• Ensuring that everyone involved has the training and qualifications required to carry out their role. This includes training on the ethics of conducting research.
  • Privacy and confidentiality must be maintained. Only those who are formally part of the research team may have access to research data and must comply with ethics requirements.

It is the responsibility of the health service to provide all support necessary to equip consumers to truly participate as active equal partners in the research team.
This may mean:

  • Providing training on the different aspects of research development and implementation (e.g. data collection protocols, data analysis techniques and ethics of research);
  • Employing a liaison staff member who can answer questions and provide support;
  • Offering payment (or other forms of compensation) to consumers for their time and contribution on committees/meetings and other aspects of research work.


The research conducted to develop and test the Mental Health Consumer Perception and Experiences of Services (MH-CoPES) Framework was based on a consumer participation or Co-Design model of research. Consumers were central in the process:

  • They drove the concept of the research, arguing the need for a framework for consumer participation in service evaluation and development.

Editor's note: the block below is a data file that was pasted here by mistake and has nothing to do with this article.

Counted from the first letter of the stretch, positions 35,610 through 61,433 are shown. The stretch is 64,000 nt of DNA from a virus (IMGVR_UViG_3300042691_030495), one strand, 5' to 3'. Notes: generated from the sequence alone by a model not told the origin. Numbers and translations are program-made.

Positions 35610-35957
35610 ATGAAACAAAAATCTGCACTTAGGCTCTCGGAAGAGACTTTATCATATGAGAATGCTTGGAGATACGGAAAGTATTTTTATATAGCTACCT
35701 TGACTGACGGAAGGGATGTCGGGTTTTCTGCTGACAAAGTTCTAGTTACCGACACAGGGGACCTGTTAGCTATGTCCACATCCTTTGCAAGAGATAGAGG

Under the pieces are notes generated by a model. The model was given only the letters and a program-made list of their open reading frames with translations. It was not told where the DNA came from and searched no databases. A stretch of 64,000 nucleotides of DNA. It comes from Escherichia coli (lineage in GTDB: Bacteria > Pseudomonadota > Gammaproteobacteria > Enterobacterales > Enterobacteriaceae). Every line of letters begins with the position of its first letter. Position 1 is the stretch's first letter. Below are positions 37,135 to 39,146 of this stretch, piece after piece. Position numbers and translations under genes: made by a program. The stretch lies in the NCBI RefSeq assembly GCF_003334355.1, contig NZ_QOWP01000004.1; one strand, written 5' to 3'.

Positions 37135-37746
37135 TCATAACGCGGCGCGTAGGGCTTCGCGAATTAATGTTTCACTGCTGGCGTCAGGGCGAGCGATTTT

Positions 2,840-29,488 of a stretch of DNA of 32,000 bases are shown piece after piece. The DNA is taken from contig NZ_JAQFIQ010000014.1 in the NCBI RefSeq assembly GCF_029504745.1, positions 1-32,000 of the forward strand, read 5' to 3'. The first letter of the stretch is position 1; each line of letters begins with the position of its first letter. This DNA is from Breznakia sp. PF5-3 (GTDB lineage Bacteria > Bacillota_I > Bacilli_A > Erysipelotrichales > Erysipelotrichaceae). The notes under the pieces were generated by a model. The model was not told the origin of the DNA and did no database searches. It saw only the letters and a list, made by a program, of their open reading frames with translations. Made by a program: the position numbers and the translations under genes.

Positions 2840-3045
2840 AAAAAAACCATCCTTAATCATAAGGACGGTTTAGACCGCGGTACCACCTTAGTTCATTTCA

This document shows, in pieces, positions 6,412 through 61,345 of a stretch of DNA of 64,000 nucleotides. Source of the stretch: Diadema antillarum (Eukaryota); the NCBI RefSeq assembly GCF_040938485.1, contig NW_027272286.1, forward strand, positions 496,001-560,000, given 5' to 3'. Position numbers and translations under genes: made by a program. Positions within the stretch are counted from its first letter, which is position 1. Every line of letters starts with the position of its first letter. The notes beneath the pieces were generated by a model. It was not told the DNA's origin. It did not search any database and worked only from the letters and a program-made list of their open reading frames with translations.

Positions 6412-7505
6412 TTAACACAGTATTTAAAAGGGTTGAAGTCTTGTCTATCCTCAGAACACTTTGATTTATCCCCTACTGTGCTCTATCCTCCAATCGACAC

• The MH-CoPES Questionnaires were developed with consumers to ensure they directly addressed their issues of concern using plain, understandable language.
  • Consumers, clinicians and service executive were involved in the development of draft protocols for the whole MH-CoPES Framework.
  • The methodology for testing the Questionnaires and Framework were developed by a committee of consumers, researchers, clinicians, service executive and NSW Health.
  • This steering committee also oversaw implementation of the research.
  • Consumers were trained in the ethics of conducting research and the specific protocols for the study. They were then engaged as research assistants to:
    • Promote the study, recruit participants and explain the study to them
    • Collect data – distribute questionnaires and assist consumers to complete the questionnaires where needed
    • Analyse the data along with the research team
    • Design and write the reports on the outcomes of the research
    • Co-present at conferences